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Key Considerations for Paving a Commercial Parking Lot

A commercial parking lot is a place for employees and visitors to drive and park their vehicles, but it’s also much more. It’s the first thing people see when they come to your business. It needs to be durable, attractive, and easy to navigate, and it must effectively drain excess water. It comes with an initial expense and a cost of maintenance. Here is a commercial parking lot paving guide with some key points to consider.

Which Materials To Use

Asphalt is the most commonly used paving surface, but in some cases concrete is the better choice. Each has its advantages.

The initial cost of asphalt is generally lower. However, asphalt needs to be seal-coated during its lifetime, and its maintenance costs are higher. Both are long-lasting with proper care, but concrete lasts longer.

A concrete parking lot might get you about 50 years as opposed to around 30 for asphalt. Asphalt can be produced in different formulations that are adjustable to the local temperature, and it allows for easier snow removal. 

Many people prefer the curb appeal of concrete. It is lighter in color, which reflects rather than absorbs heat, and it often requires less powerful lighting at night. If, at some point, you want to replace only part of your lot, it’s easier to do with asphalt.


Strength Requirements

A parking lot in a shopping center may be used mostly by passenger cars, while a manufacturing facility or warehouse lot experiences heavy truck traffic. These scenarios have different requirements for durability, which translates into different surface thickness and site preparation.

For concrete, this means variable thickness, typically from six to 12 inches. Asphalt lots may be from around three to eight inches, and the requirement can vary by region depending on such things as freeze-thaw cycles.

Rigid concrete slabs generally do not require much subgrade work. It is more common for asphalt subgrade to be replaced with soils that have better strength, drainage, and frost resistance. No matter what the paving material is, the subgrade needs to have a uniform density without transitions from hard to soft.

Proper Drainage

Things that don’t drain properly are unappealing as well as a safety hazard to anyone who has to park there. Furthermore, standing water can shorten the life of your surface. The drainage system must be tailored to local conditions, e.g., it must be able to handle a downpour if that’s common in the area so that water runs off the lot and into management systems.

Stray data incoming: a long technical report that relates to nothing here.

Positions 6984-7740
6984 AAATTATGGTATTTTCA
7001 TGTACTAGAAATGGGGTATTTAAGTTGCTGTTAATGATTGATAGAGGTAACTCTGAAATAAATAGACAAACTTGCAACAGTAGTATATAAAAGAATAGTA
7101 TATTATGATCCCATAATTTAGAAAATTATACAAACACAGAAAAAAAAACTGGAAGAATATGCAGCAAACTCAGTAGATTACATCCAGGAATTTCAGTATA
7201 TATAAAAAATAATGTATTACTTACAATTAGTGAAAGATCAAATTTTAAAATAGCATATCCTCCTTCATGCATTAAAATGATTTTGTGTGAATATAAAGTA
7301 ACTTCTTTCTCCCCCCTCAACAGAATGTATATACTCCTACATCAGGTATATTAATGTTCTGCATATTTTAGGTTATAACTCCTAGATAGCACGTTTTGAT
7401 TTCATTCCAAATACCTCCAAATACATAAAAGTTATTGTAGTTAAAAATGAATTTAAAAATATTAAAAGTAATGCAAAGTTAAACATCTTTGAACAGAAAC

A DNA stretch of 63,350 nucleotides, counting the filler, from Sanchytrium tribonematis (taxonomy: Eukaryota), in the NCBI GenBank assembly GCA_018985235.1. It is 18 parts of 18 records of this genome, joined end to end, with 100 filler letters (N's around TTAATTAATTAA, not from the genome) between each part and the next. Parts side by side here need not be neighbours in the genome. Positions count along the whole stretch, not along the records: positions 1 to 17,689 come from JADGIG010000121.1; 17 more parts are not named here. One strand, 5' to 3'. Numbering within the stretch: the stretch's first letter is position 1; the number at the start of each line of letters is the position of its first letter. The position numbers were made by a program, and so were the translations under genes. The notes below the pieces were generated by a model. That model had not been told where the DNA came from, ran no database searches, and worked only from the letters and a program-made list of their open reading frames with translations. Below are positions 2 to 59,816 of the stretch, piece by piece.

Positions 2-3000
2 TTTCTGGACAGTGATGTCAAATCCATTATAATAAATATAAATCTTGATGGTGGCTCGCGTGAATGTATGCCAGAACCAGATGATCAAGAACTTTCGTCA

Gutters and drains must be sufficient. Sustainable urban drainage systems (SUDS) imitate nature’s water path for a reduced environmental footprint. In some lots, permeable pavers are adequate as a driving surface, and they not only drain the lot but also recharge groundwater.

Lifetime Maintenance

The initial commercial parking lot paving is only part of the expense and effort. There’s also the maintenance of commercial parking lots to consider. Concrete should be sealed periodically with penetrating sealers and surface sealers to reduce moisture intrusion, and some cracks may need to be filled in. Asphalt surfaces will need more maintenance over their lifetime, including seal coating, crack sealing, and pothole repair.

All surfaces will have to be restriped every few years to ensure that they’re visible in all light conditions.

Lot Layout

Durability and longevity are key considerations in paving a commercial parking lot, but the purpose of the lot is to serve visitors. The area needs to be smooth, level and free of potholes, and it also needs to be marked in a way that makes it obvious where drivers and pedestrians are supposed to go. That means obvious entrances and exits as well as clear signs and striping for parking spaces, crosswalks and traffic flow.

Parking spaces must be large enough for people to get in and out of vehicles. Parking lots need to be ADA-compliant with convenient handicap spaces and curb cuts.

Curb Appeal

The parking lot is the first thing your visitors see. If most of your visitors are customers, it’s vital to make the right initial impression. When people pull into a uniformly gray parking lot, it dampers their mood, even if they don’t realize it. When you design your lot, leave room for some beautification. This can include a few shade trees and shrubs. Flowers may be planted in the ground or within concrete barriers.

Adequate Lighting

Poorly lit parking lots are inconvenient for visitors and increase the risk of accidents. Make sure that your design includes enough lighting fixtures to illuminate the entire lot and provide adequate light around the entrances and exits. Proper light not only makes your commercial parking lot more attractive and easier to use. It’s also a deterrent to crime.

More and more commercial property owners are choosing LEDs for their energy efficiency, longevity, and consistent illumination.

Choosing a Contractor

No commercial paving lot decision is more critical than choosing parking lot paving contractors. The right contractor will partner with you on the design of the lot, including subgrade preparation, surface thickness, lot layout and drainage. Requirements vary depending on your location, weather, topography and the needs of your business. An experienced local contractor can offer and implement the best solution for your specific needs.

K&E Flatwork is the leading commercial concrete contractor in the Kansas City area. We’ve been providing parking lots and other concrete installations since 2005, and our experience, integrity, and high-quality service ensure you have a commercial parking lot to satisfy you and your visitors for many years.


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